Working with FileVault Encryption

This documentation is for an older version of CCC. You can find the latest version here.
Last updated on February 4, 2021

CCC is fully qualified for use with FileVault-protected volumes (HFS+ and APFS). CCC offers some advice around enabling encryption in the Disk Center.

Enabling encryption on a volume that contains (or will contain) an installation of macOS

If your goal is to create a bootable, encrypted backup, use the following procedure:

  1. Follow CCC's documentation to properly format the destination volume. Do not format the volume as encrypted. Choose APFS if your Mac is a T2 Mac (e.g. iMac Pro, 2018 MacBook Pro; see the full list here).
  2. Use CCC to back up your startup disk to the unencrypted destination volume.
  3. If you're running an OS older than Mojave, select the destination volume in CCC's sidebar, then click the Recovery HD button to create a Recovery HD volume. Note: You must be logged in to an administrator account to perform this step. This step is unnecessary if your destination is an APFS-formatted volume.
  4. Hold down the Option key (Intel Macs) or the Power button (Apple Silicon Macs) while restarting your Mac and choose the backup volume as the startup disk.
  5. Enable FileVault encryption in the Security & Privacy preference pane of the System Preferences application.
  6. Configure CCC for regular backups to your encrypted backup volume.

You do not have to wait for the conversion process to complete before rebooting from your production startup disk

Additionally, you do not have to wait for the conversion process to complete before using your backup disk. You can simply enable FileVault encryption, then immediately reboot from your primary startup disk and the conversion process will carry on in the background. Encryption will continue as long as the backup disk is attached. macOS doesn't offer a convenient method to see conversion progress, but you can type diskutil apfs list (or diskutil cs list if the applicable volume is HFS+ formatted) in the Terminal application to see conversion progress. Some users have found that conversion may not resume until you log in to an admin account while booted from your production startup volume, so try that if conversion appears to be stalled.

Keep your Mac plugged into AC power for the duration of encryption conversion

We have received a handful of reports from macOS Catalina users indicating that encryption conversion remains permanently paused if AC power is removed during the encryption conversion process. We have been unable to reproduce this result in our test lab — typically encryption conversion pauses when AC power is removed, but then resumes when AC power is restored. The number of reports to us, however, suggests that there is some underlying problem that may be new to macOS Catalina. To avoid this result, we recommend that you keep your Mac plugged in to AC power for the duration of encryption conversion. If you see an indication that encryption conversion is paused, try leaving the system plugged into AC overnight.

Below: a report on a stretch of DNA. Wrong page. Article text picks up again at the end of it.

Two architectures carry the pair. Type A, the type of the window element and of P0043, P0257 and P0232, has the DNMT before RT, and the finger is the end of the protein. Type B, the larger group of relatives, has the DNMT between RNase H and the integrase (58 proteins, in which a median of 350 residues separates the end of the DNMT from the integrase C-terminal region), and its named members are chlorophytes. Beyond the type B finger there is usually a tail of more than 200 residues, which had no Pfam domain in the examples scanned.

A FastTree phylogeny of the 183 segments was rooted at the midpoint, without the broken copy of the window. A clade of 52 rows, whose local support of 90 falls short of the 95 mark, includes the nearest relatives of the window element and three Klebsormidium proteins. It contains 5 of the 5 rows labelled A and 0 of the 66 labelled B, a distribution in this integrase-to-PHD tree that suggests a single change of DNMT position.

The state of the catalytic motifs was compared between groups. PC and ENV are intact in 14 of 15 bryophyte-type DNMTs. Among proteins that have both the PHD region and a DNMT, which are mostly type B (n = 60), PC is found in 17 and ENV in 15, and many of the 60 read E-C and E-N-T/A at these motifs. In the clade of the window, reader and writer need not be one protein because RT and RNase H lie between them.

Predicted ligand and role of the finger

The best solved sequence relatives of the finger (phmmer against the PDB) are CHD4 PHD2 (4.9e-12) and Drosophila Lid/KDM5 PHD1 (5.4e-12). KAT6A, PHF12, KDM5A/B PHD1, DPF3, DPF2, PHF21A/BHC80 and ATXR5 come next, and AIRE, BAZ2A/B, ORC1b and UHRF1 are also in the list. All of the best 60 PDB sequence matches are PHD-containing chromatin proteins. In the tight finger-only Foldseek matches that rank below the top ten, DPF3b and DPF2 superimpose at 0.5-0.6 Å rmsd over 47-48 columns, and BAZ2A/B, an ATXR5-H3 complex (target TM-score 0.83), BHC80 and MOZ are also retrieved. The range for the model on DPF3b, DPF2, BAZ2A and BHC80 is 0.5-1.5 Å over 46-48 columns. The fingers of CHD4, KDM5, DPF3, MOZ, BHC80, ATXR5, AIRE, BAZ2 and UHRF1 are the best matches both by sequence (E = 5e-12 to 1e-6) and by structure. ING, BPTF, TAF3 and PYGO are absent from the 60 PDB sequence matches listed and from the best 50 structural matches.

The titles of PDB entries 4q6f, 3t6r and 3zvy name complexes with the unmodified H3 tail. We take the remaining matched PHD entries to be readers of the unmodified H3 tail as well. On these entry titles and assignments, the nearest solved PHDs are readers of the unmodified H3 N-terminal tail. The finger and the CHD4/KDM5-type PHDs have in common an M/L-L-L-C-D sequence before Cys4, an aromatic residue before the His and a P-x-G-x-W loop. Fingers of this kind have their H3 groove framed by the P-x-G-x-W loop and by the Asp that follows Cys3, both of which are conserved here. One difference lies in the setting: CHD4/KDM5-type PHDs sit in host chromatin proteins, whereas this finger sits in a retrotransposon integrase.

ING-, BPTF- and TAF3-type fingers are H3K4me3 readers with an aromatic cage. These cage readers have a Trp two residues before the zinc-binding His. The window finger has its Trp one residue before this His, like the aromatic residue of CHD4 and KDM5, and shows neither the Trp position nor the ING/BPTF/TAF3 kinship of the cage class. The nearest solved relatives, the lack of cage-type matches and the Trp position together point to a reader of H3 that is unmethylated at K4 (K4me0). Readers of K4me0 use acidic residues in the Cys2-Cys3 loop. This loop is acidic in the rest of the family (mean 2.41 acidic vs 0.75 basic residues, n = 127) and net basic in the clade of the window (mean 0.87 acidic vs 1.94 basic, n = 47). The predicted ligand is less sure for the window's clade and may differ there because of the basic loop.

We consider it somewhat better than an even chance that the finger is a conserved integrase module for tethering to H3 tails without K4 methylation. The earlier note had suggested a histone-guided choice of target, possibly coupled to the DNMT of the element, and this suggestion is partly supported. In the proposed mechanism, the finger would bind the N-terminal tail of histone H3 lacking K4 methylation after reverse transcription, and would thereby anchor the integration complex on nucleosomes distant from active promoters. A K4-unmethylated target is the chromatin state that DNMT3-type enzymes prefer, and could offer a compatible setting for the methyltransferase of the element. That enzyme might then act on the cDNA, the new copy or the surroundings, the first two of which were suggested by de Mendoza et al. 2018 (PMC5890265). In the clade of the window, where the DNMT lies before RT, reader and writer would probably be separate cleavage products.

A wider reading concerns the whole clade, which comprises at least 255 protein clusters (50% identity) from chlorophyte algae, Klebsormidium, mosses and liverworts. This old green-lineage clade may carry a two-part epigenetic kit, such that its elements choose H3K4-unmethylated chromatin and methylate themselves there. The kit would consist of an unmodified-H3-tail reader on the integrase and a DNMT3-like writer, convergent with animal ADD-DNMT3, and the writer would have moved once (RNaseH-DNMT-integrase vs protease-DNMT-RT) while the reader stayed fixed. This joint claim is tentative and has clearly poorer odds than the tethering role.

What if I don't want my personal data to ever be on the destination in unencrypted form?

Enabling FileVault on the destination means that the volume starts out unencrypted, and then over the course of several hours the data is encrypted in place. If the encryption conversion process completes successfully, then for most intents and purposes, no trace of the unencrypted data will be left on that disk. There are some caveats however. If your backup volume is an SSD, and if you delete files from the SSD prior to enabling encryption, then the SSD may automatically move the not-yet-encrypted underlying blocks out of rotation (for wear leveling), and those data could be recoverable by experts. Likewise, if the conversion process fails for any reason, then the data on that disk is potentially recoverable. If either of these scenarios is not acceptable, then we recommend that you exclude any sensitive data from the initial backup task. Don't exclude your whole home folder — you must include at least one folder from your home directory so that you can log in to that account on the backup.

After you have booted from the backup volume and enabled FileVault, you can then reboot from the production startup disk, remove the exclusions from your backup task, then run the backup task again to copy the remainder of your data. Any data that is copied to a volume that is in the midst of encryption conversion will be encrypted immediately.

Note for Big Sur users: When prompted to erase the destination, proceed with a Data-only backup instead. You will not be able to exclude content from a Full Volume Clone. After the initial backup has completed, proceed to install Big Sur onto the destination. After installation has completed, enable FileVault, then reboot from your production startup disk and run your CCC backup task again without the exclusions.

Enabling encryption on a volume that will not contain an installation of macOS

If your backup volume won't be a bootable backup of macOS, simply right-click on that volume in the Finder and choose the option to encrypt the volume. If your Mac is running macOS High Sierra or later, please note that macOS will convert an HFS+ formatted volume to APFS when you enable encryption in this manner.

Finder option

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